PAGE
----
An oral food challenge (OFC) is a medical in office procedure in which a food is eaten at intervals with increased doses, under close medical supervision. In many cases, the skin, and/or blood allergy tests cannot conclusively determine that a person is truly food allergic. The OFC is a more definitive test, because it will show whether a person is truly allergic or not.
There are multiple benefits provided by an OFC regardless of whether the challenge is positive or negative. If the challenge is negative, the diet can be expanded to include more foods. In the case of peanut allergy, studies show that up to 80% of future peanut allergy can be prevented in high-risk patients if peanut is kept in the diet in sufficient amounts. The patient, and family, will also have less anxiety if the food allergy has been outgrown. If the challenge is positive, the patient and family will learn more about individual symptoms, and treatment. Studies show that OFC’s, both positive and negative, increase the patient’s quality of life.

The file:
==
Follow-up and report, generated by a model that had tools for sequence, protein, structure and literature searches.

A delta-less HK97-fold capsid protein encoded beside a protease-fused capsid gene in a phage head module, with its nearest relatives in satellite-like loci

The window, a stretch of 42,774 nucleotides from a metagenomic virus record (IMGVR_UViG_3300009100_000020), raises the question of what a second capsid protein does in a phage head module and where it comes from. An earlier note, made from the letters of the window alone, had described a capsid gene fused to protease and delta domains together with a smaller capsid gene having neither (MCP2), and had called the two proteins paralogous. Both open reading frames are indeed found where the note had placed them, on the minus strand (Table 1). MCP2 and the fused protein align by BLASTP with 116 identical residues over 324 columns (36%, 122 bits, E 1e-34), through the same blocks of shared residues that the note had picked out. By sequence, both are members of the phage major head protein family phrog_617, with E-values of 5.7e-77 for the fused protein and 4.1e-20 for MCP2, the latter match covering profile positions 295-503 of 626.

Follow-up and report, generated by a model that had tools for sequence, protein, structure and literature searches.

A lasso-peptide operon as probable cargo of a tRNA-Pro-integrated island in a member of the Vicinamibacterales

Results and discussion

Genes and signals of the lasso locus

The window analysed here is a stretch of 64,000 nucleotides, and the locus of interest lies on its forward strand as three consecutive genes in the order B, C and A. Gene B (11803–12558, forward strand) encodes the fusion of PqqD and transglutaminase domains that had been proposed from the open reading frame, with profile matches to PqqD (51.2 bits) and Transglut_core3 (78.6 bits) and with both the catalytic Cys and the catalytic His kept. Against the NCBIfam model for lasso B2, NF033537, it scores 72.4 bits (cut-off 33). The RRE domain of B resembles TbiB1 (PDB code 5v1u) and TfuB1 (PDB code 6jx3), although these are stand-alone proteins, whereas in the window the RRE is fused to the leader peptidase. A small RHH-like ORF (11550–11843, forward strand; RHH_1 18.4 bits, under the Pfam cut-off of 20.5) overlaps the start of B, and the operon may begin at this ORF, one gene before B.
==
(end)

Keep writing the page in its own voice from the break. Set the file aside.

Preparation for an OFC
There are several things that you’ll need to do to be prepared for your oral food challenge. You should be off most antihistamines for at least a week. Other medications, including asthma medications, can be continued. In most cases, you will be asked to provide the food. If you are coming in for a peanut challenge, we suggest that she will bring creamy peanut butter. If you are coming in for a baked egg, and/or baked milk muffin challenge, you should have been provided with appropriate baked milk muffin, and/or baked egg muffin recipes. Your allergist should have optimized the control of the atopic dermatitis, and asthma. The patient may have a late meal (one half the amount of the usual serving) 2 hours before the challenge. It would also be helpful to bring in some type of entertainment, such as toys, books, electronics etc. The challenge may last for 2-3 hours.